Non-­‐local models of anomalous transport

CDSNS Colloquium
Monday, February 20, 2012 - 11:05am
1 hour (actually 50 minutes)
Skiles 006
Oak Ridge National Lab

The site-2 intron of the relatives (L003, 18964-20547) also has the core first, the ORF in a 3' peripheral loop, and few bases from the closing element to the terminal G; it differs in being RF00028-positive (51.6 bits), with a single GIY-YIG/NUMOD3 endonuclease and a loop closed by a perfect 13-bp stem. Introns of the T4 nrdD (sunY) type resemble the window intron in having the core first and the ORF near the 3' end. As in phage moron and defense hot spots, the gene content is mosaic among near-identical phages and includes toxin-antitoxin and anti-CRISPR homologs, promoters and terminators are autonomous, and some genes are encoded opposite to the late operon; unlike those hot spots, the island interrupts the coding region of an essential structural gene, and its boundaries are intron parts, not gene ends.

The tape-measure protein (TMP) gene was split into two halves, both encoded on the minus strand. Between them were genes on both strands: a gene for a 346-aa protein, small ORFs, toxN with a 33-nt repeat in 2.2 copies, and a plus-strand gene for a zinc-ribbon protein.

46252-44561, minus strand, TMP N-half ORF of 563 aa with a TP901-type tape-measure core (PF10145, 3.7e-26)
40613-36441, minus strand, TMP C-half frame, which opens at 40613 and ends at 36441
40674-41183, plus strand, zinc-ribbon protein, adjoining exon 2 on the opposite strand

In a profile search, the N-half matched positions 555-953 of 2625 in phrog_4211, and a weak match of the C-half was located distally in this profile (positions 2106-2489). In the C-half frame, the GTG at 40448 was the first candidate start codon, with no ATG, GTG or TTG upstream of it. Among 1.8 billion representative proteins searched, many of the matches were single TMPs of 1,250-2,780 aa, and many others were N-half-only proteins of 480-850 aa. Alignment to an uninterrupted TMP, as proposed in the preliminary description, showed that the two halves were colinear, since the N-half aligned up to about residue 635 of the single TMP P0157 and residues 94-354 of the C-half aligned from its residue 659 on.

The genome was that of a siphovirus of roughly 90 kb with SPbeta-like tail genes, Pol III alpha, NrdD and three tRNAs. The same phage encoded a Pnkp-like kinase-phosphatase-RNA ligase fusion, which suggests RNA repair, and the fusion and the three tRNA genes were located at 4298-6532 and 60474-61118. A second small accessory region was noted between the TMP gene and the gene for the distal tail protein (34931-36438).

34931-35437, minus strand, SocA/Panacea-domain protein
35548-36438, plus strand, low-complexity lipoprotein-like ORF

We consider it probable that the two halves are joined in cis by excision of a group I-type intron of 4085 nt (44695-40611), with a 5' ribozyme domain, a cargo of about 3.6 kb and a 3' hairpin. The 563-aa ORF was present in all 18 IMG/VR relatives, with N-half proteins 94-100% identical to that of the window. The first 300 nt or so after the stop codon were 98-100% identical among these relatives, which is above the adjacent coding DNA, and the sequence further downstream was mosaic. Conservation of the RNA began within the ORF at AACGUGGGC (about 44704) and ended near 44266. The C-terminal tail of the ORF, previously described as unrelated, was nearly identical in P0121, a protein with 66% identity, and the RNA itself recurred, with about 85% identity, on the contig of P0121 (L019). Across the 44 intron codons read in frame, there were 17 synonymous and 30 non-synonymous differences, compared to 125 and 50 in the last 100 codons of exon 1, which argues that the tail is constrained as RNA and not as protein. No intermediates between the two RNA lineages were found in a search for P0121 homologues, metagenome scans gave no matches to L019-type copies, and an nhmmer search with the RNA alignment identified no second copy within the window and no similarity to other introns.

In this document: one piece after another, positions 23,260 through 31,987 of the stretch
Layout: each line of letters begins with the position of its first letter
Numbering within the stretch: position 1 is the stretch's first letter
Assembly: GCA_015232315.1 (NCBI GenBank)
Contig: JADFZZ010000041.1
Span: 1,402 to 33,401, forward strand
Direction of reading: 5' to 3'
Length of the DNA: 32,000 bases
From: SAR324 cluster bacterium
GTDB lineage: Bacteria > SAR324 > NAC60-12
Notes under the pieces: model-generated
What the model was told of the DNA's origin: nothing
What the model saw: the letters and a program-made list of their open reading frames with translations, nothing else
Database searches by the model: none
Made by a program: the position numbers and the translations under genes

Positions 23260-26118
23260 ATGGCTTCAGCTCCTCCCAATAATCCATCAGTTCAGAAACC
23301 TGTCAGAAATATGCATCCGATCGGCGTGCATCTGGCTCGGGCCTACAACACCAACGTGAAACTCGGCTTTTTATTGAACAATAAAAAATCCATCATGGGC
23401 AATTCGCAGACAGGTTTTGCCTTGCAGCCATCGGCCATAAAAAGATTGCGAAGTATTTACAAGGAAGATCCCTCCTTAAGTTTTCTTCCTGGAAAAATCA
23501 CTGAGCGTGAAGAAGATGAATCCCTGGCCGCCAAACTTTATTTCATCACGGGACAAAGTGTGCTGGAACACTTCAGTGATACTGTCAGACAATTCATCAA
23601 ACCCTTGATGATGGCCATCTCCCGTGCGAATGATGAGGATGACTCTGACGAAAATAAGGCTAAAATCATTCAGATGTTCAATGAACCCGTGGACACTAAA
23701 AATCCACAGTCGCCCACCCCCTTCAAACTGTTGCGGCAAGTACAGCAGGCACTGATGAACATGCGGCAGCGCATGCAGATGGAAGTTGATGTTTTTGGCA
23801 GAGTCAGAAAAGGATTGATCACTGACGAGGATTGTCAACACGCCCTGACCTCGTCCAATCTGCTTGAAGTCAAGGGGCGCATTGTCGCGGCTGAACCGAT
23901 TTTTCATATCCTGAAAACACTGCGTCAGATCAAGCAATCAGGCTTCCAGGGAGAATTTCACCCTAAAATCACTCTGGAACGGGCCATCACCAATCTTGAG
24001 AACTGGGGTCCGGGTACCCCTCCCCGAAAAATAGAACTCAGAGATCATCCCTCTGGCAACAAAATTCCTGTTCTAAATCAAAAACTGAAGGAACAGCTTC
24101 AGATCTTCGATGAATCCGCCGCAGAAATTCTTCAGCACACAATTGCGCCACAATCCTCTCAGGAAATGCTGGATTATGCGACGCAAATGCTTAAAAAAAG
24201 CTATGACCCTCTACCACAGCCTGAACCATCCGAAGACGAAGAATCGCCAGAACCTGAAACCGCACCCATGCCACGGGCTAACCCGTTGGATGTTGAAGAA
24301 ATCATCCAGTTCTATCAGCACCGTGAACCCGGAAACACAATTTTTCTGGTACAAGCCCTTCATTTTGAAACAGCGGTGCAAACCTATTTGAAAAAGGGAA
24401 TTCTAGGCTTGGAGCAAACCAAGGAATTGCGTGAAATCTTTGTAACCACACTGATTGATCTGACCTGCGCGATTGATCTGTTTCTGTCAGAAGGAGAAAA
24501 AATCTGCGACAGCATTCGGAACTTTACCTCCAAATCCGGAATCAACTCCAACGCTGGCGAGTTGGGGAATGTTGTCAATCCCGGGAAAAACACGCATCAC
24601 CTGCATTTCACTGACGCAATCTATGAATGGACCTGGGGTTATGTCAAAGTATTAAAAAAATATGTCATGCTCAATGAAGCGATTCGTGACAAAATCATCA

The study of transport is an active area of applied mathematics of interest to fluid mechanics, plasma physics, geophysics, engineering, and biology among other areas. A considerable amount of work has been done in the context of diffusion models in which, according to the Fourier-­‐Fick’s prescription, the flux is assumed to depend on the instantaneous, local spatial gradient of the transported field. However, despiteits relative success, experimental, numerical, and theoretical results indicate that the diffusion paradigm fails to apply in the case of anomalous transport. Following an  overview of anomalous transport we present an alternative(non-­‐diffusive) class of models in which the flux and the gradient are related non-­‐locally through integro-­differential operators, of which fractional Laplacians are a particularly important special case. We discuss the statistical foundations of these models in the context of generalized random walks with memory (modeling non-­‐locality in time) and jump statistics corresponding to general Levy processes (modeling non-­‐locality in space). We discuss several applications including: (i) Turbulent transport in the presence of coherent structures; (ii) chaotic transport in rapidly rotating fluids; (iii) non-­‐local fast heat transport in high temperature plasmas; (iv) front acceleration in the non-­‐local Fisher-­‐Kolmogorov equation, and (v) non-­‐Gaussian fluctuation-­‐driven transport in the non-­‐local Fokker-­‐Planck equation.